Spring 2001

The Shaughnessy Prize Comes Home



ina Shaugnessy's "work was the kind of work you would do if you were really to take democracy seriously." Such was the praise of the renowned literary scholar Benjamin Demott for CUNY's beloved pioneer in the field of teaching basic writing.

Suresh Canagarajah encouraging the learning of English at a school in Sri Lanka
Suresh Canagarajah encouraging the learning of English at a school in Sri Lanka.

In just ten years, before she died of cancer in 1978, Shaughnessy rose from adjunct at Hunter College to become Dean of the University's Instructional Resource Center, exerting during this time an enormous influence on writing pedagogy at CUNY and nationally. In 1979, the Modern Language Association, the largest and one of the oldest American learned societies, established in her honor the annual Mina P. Shaughnessy Prize for an outstanding publication in the field of teaching English language and literature.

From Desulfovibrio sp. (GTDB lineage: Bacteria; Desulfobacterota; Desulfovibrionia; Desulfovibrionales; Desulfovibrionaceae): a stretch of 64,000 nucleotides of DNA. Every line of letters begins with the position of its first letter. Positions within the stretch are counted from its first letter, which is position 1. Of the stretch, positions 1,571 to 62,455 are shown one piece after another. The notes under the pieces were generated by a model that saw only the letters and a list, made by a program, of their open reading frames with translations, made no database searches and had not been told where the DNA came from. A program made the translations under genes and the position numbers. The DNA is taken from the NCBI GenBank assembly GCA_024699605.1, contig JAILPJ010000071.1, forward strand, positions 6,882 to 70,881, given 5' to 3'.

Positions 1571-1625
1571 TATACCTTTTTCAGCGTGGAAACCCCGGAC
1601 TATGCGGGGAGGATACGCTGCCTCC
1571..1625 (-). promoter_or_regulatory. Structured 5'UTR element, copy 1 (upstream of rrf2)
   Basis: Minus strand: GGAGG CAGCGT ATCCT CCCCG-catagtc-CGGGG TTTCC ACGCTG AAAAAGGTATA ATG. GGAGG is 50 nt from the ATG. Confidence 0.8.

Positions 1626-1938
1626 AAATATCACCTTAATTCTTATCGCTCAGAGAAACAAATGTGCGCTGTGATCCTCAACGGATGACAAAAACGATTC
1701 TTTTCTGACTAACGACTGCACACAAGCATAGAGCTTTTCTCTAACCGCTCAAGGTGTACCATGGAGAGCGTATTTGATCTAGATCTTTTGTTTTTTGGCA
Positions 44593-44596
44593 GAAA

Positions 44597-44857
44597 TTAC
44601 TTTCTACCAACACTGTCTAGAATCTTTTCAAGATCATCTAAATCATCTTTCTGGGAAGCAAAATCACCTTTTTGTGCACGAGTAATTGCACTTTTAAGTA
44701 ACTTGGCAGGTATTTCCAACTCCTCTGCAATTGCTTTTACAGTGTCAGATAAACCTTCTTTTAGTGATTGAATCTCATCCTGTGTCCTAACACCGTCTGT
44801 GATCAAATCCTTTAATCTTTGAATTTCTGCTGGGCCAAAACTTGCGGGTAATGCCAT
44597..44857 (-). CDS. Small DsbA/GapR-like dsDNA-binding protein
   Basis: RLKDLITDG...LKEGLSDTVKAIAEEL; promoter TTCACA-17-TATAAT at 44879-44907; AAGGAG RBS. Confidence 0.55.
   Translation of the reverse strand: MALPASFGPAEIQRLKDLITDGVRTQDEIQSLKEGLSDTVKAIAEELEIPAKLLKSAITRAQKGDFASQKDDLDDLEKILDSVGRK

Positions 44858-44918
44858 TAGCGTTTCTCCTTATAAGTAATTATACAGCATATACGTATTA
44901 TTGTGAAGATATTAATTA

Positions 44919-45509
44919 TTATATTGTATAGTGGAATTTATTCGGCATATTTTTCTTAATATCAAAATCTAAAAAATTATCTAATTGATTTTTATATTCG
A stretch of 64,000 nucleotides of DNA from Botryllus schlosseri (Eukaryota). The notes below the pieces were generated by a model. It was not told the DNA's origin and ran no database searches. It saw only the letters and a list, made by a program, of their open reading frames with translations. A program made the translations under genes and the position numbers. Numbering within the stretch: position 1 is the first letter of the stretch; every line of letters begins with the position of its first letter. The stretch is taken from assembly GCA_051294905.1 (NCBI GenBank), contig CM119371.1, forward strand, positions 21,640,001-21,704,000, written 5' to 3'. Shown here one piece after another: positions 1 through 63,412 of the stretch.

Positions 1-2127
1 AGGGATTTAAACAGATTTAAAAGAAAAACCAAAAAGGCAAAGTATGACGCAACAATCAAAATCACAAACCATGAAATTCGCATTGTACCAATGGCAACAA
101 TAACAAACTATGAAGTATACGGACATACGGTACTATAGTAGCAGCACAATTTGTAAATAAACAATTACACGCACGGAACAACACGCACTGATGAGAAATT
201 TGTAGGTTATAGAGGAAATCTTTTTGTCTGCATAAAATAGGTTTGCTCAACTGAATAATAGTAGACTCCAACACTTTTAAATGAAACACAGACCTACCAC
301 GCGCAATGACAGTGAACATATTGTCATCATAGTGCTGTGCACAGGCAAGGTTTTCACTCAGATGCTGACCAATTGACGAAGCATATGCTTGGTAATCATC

It is thus cause for special celebration when this prize returns to a CUNY campus, as it did at the MLA convention in Washington, D.C. last December. A. Suresh Canagarajah, a professor in the English Department at Baruch College since 1994, was honored (and received $1,000) for his Oxford University Press book, Resisting Linguistic Imperialism in English Language Teaching. This study was cited by the committee of judges for addressing "a range of issues derived from the association of English with liberal Western culture" and for offering "an alternative form of understanding and valuing discourses that emanate. . .from the cultural periphery as well as from the center."

Canagarajah's book grew from observation of Tamil speakers in his native Sri Lanka who were learning academic English. (He taught at the University of Jaffna in Sri Lanka from 1984 to 1994.) Forthcoming from Pittsburgh University Press this year is another book by Canagarajah, Geopolitics of Academic Literacy and Knowledge Construction.

CUNY faculty have won the Shaughnessy Prize three times before: Marie Ponsot and Rosemary Deen (Queens College) in 1982, Judith Summerfield (Queens College) in 1986, and Marilyn S. Sternglass (City College) in 1997.